Modelling the associations of BMI, physical activity and diet with arterial blood pressure: Some results from the Allied Dunbar National Fitness Survey

A. M. Nevill, R. L. Holder, P. H. Fentem, M. Rayson, T. Marshall, Carlton Cooke, W. Tuxworth

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    16 Citations (Scopus)

    Abstract

    In order to identify risk factors (e.g. physical inactivity, dietary composition) associated with blood pressure within a given population, it is necessary to adjust for differences in known associations (e.g. age, body weight) using a method such as the analysis of covariance. However, the blood pressure results from the Allied Dunbar National Fitness Survey (ADNFS) were found to be non-linear with age, positively skewed (with heteroscedastic errors) and therefore non-normally distributed. Hence, before valid inferences can be drawn from such data, there is a clear need to formulate an appropriate model for blood pressure that will overcome these undesirable characteristics. A multiplicative model (with allometric body size components) was proposed and fitted to the ADNFS blood pressure results. After a logarithmic transformation the parsimonious solution was able to confirm the association with BMI, the non-linear changes with age, and overcome the heteroscedastic and positively skewed errors, i.e. the residuals from the fitted log-linear models for both systolic and diastolic blood pressure were symmetric and normally distributed. Other factors were found to make a significant additional contribution to the prediction of blood pressure. Cyclists, participants in vigorous physical activity and those subjects who consumed more fresh fruit, rice or pasta, and wine were found to have significantly lower mean levels of blood pressure. Indeed, the gap in blood pressure between participants and non-participants in vigorous physical activity increased further with age. However, subjects who drank more beer tended to have significantly higher mean levels of blood pressure. Thus, by developing an appropriate model for arterial blood pressure, some well known, and some less well known, associations with arterial blood pressure have been identified. The results suggest that physical activity and other lifestyle factors may protect against hypertension.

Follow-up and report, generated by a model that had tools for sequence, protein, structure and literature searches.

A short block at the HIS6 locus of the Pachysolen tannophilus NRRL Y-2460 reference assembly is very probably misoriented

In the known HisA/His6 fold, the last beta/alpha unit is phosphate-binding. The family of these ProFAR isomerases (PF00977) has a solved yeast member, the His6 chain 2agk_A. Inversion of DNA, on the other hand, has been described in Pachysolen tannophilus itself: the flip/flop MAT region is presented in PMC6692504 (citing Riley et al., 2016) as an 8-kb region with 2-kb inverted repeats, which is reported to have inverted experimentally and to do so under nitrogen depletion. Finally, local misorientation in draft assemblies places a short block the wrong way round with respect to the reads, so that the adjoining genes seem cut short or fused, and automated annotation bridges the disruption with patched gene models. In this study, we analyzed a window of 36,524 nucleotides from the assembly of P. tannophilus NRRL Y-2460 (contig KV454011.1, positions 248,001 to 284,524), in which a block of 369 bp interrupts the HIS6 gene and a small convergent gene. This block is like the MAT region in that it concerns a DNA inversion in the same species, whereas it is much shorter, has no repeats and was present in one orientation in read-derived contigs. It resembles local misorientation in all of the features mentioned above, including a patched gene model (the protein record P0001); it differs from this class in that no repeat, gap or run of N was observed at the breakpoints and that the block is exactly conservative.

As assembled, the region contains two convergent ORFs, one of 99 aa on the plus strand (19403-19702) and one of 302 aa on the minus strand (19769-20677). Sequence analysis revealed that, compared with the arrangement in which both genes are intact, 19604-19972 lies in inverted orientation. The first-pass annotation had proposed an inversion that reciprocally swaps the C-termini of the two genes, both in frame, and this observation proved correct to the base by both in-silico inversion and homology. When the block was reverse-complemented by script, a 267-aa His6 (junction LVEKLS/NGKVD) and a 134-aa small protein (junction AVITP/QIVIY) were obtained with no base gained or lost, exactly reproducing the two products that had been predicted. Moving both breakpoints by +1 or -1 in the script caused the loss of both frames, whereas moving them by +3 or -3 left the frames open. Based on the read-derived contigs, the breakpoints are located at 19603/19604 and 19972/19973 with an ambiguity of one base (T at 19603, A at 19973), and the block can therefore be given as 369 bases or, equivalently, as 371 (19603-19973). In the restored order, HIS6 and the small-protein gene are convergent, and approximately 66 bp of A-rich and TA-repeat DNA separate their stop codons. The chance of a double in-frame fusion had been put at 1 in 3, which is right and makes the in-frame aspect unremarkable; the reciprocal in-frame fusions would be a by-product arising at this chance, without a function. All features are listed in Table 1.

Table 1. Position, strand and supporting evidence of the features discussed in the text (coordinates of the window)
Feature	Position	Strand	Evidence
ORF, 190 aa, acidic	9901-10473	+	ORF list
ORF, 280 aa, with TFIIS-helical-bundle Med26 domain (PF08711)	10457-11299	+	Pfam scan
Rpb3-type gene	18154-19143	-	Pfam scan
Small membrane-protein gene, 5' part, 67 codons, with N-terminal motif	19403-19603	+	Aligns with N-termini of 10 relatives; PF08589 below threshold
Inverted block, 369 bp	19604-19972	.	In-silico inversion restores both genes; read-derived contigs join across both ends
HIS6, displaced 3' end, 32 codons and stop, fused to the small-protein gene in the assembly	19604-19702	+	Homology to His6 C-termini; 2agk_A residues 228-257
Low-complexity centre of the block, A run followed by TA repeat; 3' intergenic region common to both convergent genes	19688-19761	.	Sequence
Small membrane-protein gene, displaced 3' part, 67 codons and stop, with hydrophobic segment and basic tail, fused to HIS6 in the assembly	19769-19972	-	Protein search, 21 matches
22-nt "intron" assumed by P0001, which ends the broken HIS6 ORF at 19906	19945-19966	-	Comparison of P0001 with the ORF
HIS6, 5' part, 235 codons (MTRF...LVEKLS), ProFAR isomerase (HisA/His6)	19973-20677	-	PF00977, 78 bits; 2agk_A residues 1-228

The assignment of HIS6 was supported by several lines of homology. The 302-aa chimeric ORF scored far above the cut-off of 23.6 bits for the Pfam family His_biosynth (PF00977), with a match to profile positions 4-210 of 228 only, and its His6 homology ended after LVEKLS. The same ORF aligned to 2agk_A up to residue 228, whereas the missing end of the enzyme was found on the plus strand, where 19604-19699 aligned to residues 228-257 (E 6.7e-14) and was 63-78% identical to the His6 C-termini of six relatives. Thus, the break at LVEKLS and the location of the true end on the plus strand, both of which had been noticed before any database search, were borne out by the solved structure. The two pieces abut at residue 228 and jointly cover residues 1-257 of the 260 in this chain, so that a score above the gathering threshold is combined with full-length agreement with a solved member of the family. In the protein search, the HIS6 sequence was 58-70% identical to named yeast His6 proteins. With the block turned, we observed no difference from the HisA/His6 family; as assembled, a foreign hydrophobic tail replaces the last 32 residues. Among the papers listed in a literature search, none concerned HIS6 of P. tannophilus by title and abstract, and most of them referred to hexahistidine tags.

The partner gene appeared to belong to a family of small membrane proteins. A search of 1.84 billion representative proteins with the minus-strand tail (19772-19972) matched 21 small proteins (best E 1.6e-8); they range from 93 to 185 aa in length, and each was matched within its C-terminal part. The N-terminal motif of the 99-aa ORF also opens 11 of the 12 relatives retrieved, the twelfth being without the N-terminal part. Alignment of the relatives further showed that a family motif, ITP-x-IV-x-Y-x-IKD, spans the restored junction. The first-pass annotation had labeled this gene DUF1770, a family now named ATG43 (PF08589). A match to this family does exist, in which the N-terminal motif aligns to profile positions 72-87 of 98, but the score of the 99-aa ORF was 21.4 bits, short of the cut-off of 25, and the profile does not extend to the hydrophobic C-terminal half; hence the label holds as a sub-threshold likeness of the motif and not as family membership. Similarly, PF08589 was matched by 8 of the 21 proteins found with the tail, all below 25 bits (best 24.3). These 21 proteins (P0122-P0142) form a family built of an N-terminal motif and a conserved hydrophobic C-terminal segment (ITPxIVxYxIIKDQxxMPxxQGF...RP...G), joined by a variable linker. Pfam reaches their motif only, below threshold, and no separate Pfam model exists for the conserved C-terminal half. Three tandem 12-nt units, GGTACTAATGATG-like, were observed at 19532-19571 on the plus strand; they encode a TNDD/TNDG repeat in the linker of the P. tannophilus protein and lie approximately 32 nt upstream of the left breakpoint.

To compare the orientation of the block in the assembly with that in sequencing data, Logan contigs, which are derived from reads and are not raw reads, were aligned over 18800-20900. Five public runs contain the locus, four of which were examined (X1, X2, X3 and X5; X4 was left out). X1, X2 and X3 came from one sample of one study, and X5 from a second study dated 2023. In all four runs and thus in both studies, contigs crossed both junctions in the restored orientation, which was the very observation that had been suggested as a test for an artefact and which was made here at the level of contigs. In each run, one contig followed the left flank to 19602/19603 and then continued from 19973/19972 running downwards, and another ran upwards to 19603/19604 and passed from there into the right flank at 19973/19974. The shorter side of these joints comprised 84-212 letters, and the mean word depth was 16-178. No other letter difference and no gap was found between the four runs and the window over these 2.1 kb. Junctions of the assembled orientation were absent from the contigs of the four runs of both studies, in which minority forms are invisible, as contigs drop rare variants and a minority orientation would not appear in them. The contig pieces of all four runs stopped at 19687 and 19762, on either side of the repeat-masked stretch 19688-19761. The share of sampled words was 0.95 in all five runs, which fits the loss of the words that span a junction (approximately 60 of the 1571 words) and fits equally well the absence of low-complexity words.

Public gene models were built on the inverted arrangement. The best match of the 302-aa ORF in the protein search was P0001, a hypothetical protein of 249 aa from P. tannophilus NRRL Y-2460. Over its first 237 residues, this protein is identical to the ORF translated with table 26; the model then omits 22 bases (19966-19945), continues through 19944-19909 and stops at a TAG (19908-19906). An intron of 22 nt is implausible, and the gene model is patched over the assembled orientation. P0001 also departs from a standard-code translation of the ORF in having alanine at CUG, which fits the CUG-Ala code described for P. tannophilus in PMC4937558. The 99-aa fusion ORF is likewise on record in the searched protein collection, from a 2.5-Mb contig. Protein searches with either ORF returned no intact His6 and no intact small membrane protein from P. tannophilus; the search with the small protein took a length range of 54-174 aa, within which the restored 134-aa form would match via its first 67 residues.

Original languageEnglish
    Pages (from-to)229-247
    Number of pages19
    JournalAnnals of Human Biology
    Volume24
    Issue number3
    DOIs
    Publication statusPublished - May 1997

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